Over the next year, there were scattered adverse reactions, but it wasn’t until late 2003 that a pattern emerged. When Iverson shared her theory with veteran nurse Susan Fanske, Fanske pointed out that all four patients who had reactions—most more than once and some so severe that they required hospitalization—were male, and all were bladder cancer patients. Bolstered by Fanske’s participation, Iverson set out on a quest to find the source of what both nurses now believed to be allergic reactions.

Other practitioners chalked it up to stress. “But there were too many clinical signs to assume that,” insists Fanske. “Patients’ blood pressure dropped, their oxygen saturation levels were down, and they had severe, full-body itching.”

Near the end of 2003, there were five reactions in just a few months. (The outpatient clinic performs 1,700 cystoscopies each year, averaging about 10 a day.) Iverson and Fanske had already started to rule out every possible allergen in the environment, starting with the latex gloves. The patients went for allergy tests. And the two nurses continued until they’d eliminated everything, bar one: CIDEX OPA.

By this time they were premedicating the patients who’d reacted previously, attempting to prevent the attacks on subsequent visits. And yet, the reactions continued. One man developed the worst hives Iverson had seen in her 11 years as a nurse, his lips and tongue swelling like balloons. Another, itching like crazy, was red to the whites of his eyes. Then, in February 2004, a patient’s blood pressure dropped by half right on the exam table.

The nurses were prepared. Everyone knew who had what role in a code situation and the allergic reaction supply box was up to par. The nurses had already invited Johnson & Johnson to observe their methods and had taken the rep’s suggestions for improvement, including increasing six-fold the volume of water needed to flush off the disinfectant.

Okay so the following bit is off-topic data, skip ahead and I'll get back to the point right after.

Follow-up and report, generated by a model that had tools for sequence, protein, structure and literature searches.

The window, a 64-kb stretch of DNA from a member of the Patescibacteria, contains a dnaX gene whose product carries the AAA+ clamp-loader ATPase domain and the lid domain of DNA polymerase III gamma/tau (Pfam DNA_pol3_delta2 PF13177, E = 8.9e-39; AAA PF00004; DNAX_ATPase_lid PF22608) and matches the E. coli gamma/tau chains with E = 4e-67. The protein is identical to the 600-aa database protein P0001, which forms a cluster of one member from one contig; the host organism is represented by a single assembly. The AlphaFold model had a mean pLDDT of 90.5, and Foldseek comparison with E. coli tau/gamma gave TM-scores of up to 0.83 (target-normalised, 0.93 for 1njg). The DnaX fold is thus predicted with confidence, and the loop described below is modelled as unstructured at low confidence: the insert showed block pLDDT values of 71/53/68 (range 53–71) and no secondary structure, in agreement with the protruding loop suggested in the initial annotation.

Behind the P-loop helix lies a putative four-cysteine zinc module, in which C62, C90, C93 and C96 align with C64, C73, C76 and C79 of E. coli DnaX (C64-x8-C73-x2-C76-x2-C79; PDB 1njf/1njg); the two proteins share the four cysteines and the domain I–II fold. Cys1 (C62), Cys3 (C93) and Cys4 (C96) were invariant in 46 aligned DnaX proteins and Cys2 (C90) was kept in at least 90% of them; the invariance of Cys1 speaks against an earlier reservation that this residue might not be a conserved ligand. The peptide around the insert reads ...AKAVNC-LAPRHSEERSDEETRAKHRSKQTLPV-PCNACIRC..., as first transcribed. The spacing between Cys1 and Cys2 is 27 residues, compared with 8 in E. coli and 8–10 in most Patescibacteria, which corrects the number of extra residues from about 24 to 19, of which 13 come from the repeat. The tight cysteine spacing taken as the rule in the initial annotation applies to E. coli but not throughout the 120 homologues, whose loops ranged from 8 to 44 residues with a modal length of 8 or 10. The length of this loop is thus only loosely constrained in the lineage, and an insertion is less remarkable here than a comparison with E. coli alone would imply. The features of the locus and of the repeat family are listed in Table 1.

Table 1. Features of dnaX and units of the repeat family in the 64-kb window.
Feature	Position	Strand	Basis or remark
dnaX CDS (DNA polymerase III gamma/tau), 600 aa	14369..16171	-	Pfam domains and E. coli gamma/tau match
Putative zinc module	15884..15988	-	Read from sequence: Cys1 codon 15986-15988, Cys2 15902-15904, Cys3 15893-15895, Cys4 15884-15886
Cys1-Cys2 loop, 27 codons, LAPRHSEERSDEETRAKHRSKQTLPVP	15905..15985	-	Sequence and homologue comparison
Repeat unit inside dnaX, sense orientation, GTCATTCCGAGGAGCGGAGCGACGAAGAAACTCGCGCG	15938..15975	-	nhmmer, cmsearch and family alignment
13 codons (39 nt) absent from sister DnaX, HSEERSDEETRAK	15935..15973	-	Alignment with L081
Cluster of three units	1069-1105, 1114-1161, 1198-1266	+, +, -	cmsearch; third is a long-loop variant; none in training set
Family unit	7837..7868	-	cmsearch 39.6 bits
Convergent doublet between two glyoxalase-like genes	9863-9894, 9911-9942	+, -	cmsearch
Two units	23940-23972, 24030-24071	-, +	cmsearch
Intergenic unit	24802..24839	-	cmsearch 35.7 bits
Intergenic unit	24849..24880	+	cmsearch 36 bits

Iverson had also presented the case to Anna Rice, director of outpatient services, Richard “Chip” Davis, executive director of the Center for Innovation in Quality Patient Care, and Walsh. The three quickly approved funding to upgrade by August to an automated cytoscope cleaning system, which would standardize the amount of water, disinfectant and time.

“They decided that even though there was no data to prove anything, they were willing to go with a nursing hunch,” says Iverson. When all was said and done, she says, it would translate into $40,000. “That big chunk of change says, We’re listening.”

Then, in late April, after receiving 17 reports of similar cases throughout the United States, Johnson & Johnson issued a contraindication warning for CIDEX OPA. Using the solution on patients with a history of bladder cancer, health care professionals were advised, could result in hypersensitivity, as these patients had multiple and frequent cystoscopies. Iverson’s hunch had been entirely born out.

With the new warning, the urology clinic stepped up plans for installing the new cleaning system. Facilities’ Sean Nelson swung into action to prepare a space for the two scanner-size machines. Within five business days, he had the plumbing in place for the water filters, the room wired, and shelving and storage cabinets built. Two days later, the system was up and running. There have been no reactions since.

Lindsay Roylance